Romain Dejeante

Profile picture of Romain Dejeante

With a scientific background in ecology, my research has been mainly focused on methods for the study of movement, mainly in Savanna but also in the Miami metropolitan area of South Florida.


Wildlife management — 9 months project in the MabLab (2019–2020)

Raccoon with GPS collar Raccoon with GPS collar

Animal movement behavior in human-dominated landscapes is shaped both by the supplementation of food resources and habitat fragmentation. Here, we investigated the implications of anthropogenic resources on movement behavior and pathogen spread in a population of raccoons (Procyon lotor) in an urban and recreational park in the Greater Miami Area of South Florida. First, mark-recapture monitoring (92 individuals) and GPS tracking (12 individuals) allowed us to determine the attractiveness of anthropogenic resource (specifically dumpsters) and to correlate it to body condition index, density and disease prevalence (specifically leptospirosis). Second, the spatial dynamics of pathogen spread and the movement response of the host to anthropogenic resources were tested by an individual-based model parameterized from empirical data. We found that selection for anthropogenic resources was correlated to higher body condition, smaller home-ranges and higher raccoon densities. The individual-based model further showed that anthropogenic resources increased the infection risk from the pathogen locally, but reduced the spread of infection by spatially isolating infected individuals. Further studies may be needed to experimentally confirm the spatial dynamics of our model.

More here about the raccoon project.

Social interaction dynamics — 3 years project (2021–2024)

Lion with GPS collar Lion with GPS collar

As social wild felids, African lions (Panthera leo) live in prides composed of related females (range 1–18), their cubs, and a coalition of cooperating males (range 1–9) which compete against other coalitions for the exclusive access to females. However, these conspecifics are never considered into the lion-habitat-use studies. We proposed to include both intrapride, interpride and intercoalition interactions into habitat selection analysis, which can be done for example by a social-integrated Step selection function.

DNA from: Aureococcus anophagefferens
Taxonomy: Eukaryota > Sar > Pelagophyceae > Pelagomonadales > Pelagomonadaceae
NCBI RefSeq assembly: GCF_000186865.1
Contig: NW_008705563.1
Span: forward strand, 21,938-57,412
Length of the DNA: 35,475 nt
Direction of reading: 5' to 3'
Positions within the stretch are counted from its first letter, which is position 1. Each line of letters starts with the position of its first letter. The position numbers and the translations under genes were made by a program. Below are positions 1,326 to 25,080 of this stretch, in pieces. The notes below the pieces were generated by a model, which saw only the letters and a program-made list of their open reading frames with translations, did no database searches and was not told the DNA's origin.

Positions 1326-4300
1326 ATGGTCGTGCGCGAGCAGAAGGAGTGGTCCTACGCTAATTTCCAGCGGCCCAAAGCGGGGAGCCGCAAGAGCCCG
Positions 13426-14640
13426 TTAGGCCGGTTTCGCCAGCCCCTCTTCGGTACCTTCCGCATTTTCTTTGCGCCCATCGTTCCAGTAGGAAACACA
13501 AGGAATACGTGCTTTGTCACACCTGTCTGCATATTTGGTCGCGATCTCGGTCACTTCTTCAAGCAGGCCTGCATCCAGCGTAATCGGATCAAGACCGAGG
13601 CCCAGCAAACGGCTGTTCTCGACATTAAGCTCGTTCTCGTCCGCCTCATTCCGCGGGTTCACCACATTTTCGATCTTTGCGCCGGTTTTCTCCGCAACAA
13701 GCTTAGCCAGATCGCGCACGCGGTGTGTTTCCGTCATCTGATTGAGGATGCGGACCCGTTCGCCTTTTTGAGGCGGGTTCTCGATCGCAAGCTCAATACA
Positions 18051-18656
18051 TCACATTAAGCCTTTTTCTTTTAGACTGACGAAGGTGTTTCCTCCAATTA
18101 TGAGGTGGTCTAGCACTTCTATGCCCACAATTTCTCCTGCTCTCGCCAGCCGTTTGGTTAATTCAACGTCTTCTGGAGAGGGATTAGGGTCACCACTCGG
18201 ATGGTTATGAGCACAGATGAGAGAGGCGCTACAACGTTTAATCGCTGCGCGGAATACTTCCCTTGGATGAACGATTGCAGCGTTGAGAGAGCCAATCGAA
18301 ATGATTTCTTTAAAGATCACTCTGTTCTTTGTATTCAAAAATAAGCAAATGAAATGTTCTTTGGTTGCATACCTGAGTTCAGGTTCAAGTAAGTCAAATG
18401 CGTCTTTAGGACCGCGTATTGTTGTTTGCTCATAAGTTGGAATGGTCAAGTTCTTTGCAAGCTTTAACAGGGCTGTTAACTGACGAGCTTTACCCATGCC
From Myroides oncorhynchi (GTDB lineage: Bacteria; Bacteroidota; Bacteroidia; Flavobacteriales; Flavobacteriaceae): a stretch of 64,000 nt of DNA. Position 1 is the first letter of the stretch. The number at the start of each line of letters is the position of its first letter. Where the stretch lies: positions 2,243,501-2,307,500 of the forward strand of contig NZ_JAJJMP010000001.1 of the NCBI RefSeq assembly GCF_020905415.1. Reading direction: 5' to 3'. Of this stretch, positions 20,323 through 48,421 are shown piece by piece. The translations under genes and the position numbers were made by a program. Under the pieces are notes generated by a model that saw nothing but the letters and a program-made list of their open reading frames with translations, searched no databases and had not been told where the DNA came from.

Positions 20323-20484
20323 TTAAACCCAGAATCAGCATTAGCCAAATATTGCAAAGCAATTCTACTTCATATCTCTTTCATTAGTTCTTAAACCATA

Work in progress, more here.

Predator-prey interactions — 5 months project (2021)

Wildbeest (source:
Wikimedia) Wildbeest (source: Wikimedia)

While preys are known to respond both proactively and reactively to the risk of predation, few studies have investigated how these responses might differ according to the environmental conditions and to the multi-predator strategies. Here, we examined the behavioral adjustments of blue wildebeests (Connochaetes taurinus) to both long-term and short-term risks of predation by lions (Panthera leo) and African wild dogs (Lycaon pictus) in South Africa’s Hluhluwe-iMfolozi Park, evaluated from fine-scaled spatial information collected on 22 wildebeests, 23 lions and 5 African wild dogs from 2019 to 2021. We hypothesized that wildebeest proactive responses would be stronger in response to a long-term risk of predation by ambushed rather than cursorial predators, and that reactive responses to short-term risk of predation would be stronger in low-viewshed landscape. We found that wildebeests did not avoid areas used by predators but selected higher viewshed landscape when the risk of encountering lions was higher. In contrast, risk of group fission increased when wildebeest moved in areas highly used by African wild dogs. Finally, wildebeest reactive responses were stronger after the encounter of lions at night and in low-viewshed landscape. Our results highlight the complexity of prey/multi-predator interactions, suggesting that prey responses are a combination of several behavioral adjustments depending on environmental conditions and predator hunting strategies.

Scientific conferences

Check Romain’s website for more updates!